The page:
“There was an old Irishman in the back of the car. The Alger and Smith Company ran a tough place. They never fed the men any fresh beef. It was all from salt pork, sowbelly, and corned beef, and they were called the ‘gunnysack line.’ So this old fellow says, ‘I’ll tell you what I’d do, if it was me. I’d take him up here and make him work three weeks for Alger and Smith!’ “
The lumberjacks got around more easily, moving on to other camps, as transportation to and from the camps got a little better with the building of roads and railroads. W.W. “Win” Remington, who came to Hibbing with his father and brother in 1900 at the age of 11, recalls hearing Al Power, a lumberman operating in the Hibbing area, saying that he had 900 men, “Three hundred coming, three hundred working, and 300 going.”
Some of the lumberjacks were steady sober men, and even church members, Remington recalled. Others wanted to cut loose whenever they got to town. “Some of them would give me their pay when they’d come into town and say, ‘Give me $50.00 and don’t give me any more no matter what I do or say.’ Later, they’d come back to me and want me to give them all their money. I’d refuse and they would yell, ‘It’s my money!’ Then they’d go to the police station and say I was stealing their money. The chief would say, ‘Ah, give him his money and let him blow it.’”
Some of the lumberjacks were homesteaders who worked in the woods in the winter and then spent the summers clearing land and “proving-up” their places. Those men tended to be more careful with their money
Memories of those early days were recalled and written about in March 1941, when the Remington sawmill in North Hibbing completed a cut of saw logs having historical significance. These logs, which Remington’s mill has converted into building materials, were dropped from the timber stands by lumberjacks as far back as 1893, with none of them having been logged more recently than 1920. These logs, Norway pines mostly, had rested at the bottom of Dewey Lake, north of Chisholm, having become waterlogged and dropping to the bottom after being placed in the lake preparatory to shipping by a dozen different companies which operated in this territory in the past.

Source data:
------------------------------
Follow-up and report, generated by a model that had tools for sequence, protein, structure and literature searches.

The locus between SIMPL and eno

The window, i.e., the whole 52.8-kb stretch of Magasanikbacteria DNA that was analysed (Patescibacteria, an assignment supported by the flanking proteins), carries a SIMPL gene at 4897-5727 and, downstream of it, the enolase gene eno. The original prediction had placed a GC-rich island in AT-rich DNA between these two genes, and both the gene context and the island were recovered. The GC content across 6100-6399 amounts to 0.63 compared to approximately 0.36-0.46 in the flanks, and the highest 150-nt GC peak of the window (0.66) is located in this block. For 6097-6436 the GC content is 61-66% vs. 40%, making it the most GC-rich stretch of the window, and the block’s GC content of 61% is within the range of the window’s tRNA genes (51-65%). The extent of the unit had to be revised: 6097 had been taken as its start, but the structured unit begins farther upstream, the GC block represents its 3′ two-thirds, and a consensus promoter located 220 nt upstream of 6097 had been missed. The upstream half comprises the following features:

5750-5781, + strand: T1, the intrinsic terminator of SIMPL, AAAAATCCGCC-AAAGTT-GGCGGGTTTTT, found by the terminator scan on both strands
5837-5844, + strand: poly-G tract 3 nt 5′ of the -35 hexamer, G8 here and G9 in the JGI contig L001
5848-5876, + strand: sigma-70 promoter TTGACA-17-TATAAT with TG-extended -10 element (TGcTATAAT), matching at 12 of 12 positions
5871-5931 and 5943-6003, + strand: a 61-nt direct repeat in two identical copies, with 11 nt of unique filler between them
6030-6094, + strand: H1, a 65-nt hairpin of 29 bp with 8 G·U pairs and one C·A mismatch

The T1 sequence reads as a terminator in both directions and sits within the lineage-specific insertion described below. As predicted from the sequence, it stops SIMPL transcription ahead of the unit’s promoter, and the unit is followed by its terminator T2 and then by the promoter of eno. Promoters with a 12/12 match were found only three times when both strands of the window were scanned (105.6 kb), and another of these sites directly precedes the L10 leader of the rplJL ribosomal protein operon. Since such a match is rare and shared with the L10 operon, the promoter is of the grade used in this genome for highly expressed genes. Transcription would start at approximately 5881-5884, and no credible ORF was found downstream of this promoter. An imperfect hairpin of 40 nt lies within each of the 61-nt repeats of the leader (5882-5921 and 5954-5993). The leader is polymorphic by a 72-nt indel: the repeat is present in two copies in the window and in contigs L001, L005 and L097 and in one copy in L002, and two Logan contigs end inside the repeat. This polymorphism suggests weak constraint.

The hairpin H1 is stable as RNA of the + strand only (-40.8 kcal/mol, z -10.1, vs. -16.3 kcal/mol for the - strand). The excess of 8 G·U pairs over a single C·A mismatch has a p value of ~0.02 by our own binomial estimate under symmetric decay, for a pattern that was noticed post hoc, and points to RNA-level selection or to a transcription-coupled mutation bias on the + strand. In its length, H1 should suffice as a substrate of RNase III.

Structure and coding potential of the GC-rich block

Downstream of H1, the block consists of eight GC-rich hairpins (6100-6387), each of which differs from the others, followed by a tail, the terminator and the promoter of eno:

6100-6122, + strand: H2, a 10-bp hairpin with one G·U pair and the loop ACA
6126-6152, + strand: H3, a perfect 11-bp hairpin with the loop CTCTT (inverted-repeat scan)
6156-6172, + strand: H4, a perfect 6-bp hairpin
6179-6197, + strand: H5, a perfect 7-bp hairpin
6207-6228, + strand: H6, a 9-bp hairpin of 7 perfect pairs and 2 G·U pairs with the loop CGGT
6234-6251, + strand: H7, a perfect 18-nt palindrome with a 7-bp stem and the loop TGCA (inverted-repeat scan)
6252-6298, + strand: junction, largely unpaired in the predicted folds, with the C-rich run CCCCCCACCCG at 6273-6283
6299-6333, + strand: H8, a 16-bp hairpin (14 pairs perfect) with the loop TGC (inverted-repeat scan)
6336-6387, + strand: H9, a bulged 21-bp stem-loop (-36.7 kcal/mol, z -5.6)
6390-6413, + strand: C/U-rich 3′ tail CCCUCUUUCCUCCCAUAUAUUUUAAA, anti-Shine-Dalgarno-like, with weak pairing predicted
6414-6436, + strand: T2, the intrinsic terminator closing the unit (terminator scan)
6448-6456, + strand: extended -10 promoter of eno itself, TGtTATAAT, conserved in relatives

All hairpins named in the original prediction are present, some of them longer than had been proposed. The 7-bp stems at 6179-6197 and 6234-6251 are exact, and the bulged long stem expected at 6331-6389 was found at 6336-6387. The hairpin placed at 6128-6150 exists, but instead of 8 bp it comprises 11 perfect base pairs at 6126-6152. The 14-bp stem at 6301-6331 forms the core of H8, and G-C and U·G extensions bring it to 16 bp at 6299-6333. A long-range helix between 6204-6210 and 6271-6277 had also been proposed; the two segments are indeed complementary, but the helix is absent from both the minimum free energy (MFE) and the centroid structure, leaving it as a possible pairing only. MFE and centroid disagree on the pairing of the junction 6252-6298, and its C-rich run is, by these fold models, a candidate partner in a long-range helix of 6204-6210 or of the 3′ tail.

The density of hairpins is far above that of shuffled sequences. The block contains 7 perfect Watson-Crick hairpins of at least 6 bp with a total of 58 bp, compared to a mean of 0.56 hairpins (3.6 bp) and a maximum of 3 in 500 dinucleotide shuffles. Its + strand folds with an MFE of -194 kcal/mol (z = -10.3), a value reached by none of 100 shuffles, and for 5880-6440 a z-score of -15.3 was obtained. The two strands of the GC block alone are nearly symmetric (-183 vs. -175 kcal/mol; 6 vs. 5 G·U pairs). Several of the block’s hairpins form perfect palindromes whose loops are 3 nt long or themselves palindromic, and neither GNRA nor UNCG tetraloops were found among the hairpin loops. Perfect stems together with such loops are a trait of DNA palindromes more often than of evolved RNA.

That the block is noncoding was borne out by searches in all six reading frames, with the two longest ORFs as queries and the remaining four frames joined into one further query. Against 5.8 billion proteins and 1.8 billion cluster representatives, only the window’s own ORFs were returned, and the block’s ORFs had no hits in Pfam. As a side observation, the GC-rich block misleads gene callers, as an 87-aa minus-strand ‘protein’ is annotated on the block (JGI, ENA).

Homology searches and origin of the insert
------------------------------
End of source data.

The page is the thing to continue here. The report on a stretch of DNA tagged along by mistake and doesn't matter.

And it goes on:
A great many logs were cut and placed in Dewey Lake during the years 1894-1896, where they remained until the Swan River Logging Company built its logging railroad north of Chisholm. Early loggers were confined within a sleigh-hauling distance of a lake or a stream.
More than 2,550 logs, huge pines all of them, were removed from the Dewey Lake bottom by the Remington company, carted to the Hibbing mill by truck, and then sawed into lumber. These logs were cut by such famous names in the business as Thomas Shevlin, Weyerhauser, Bovey and DeLaitre, F.W. Bonness, Powers and Simpson, C.A. Smith, Mashek Lumber Company and others. The original owners of the logs were identified on the log ends by marks which served the same purpose as brands on cattle.
Those cold days and nights, those tough men and oxen and horses, those tall pines, are all a significant part of the story of Northern Minnesota.
The following items are taken from the Hibbing Daily Tribune or the Mesabi Ore, which are on microfilm at the Hibbing Public Library and/or Iron Range Resource Center at the Minnesota Discovery Center in Chisholm.
August 9, 1939
Come enjoy the Noonday Luncheon Special on Thursday at the Androy Grill Room. Barbecued pork spareribs, potato, vegetables, dessert, French rolls, coffee or iced tea—35cents.
June 6, 1944
The Vasa Lodge of Hibbing presented a musical talent program last Thursday at the Odd Fellows Hall. The welcome to members and friends was given by Gilbert Johnson, and community singing was led by Gilbert Johnson, accompanied by Mrs. E.W. Larson. Beverly Nordstrom played “Halsa Dem Darthemma” on the piano, and Georgia Johnson sang “John” accompanied by Mrs. E.W. Larson. More selections and songs were rendered by Chester Robertson and Harlan and Donald Roussee. Darleen Gustafson presented a tap dance and sang to the tune of “Paper Doll.” The singing cowgirl, Darleen Briggs, rendered several numbers. “Minuet in G” rendered by Dolores Gustafson completed the program. A lunch was served and a dance completed the evening’s entertainment.
January 12, 1949
An After-Inventory Sale is being held at the Ace Store. Card Table sets, table and four chairs, several styles and colors available, all metal, regularly $19.95, are on sale for $14.88.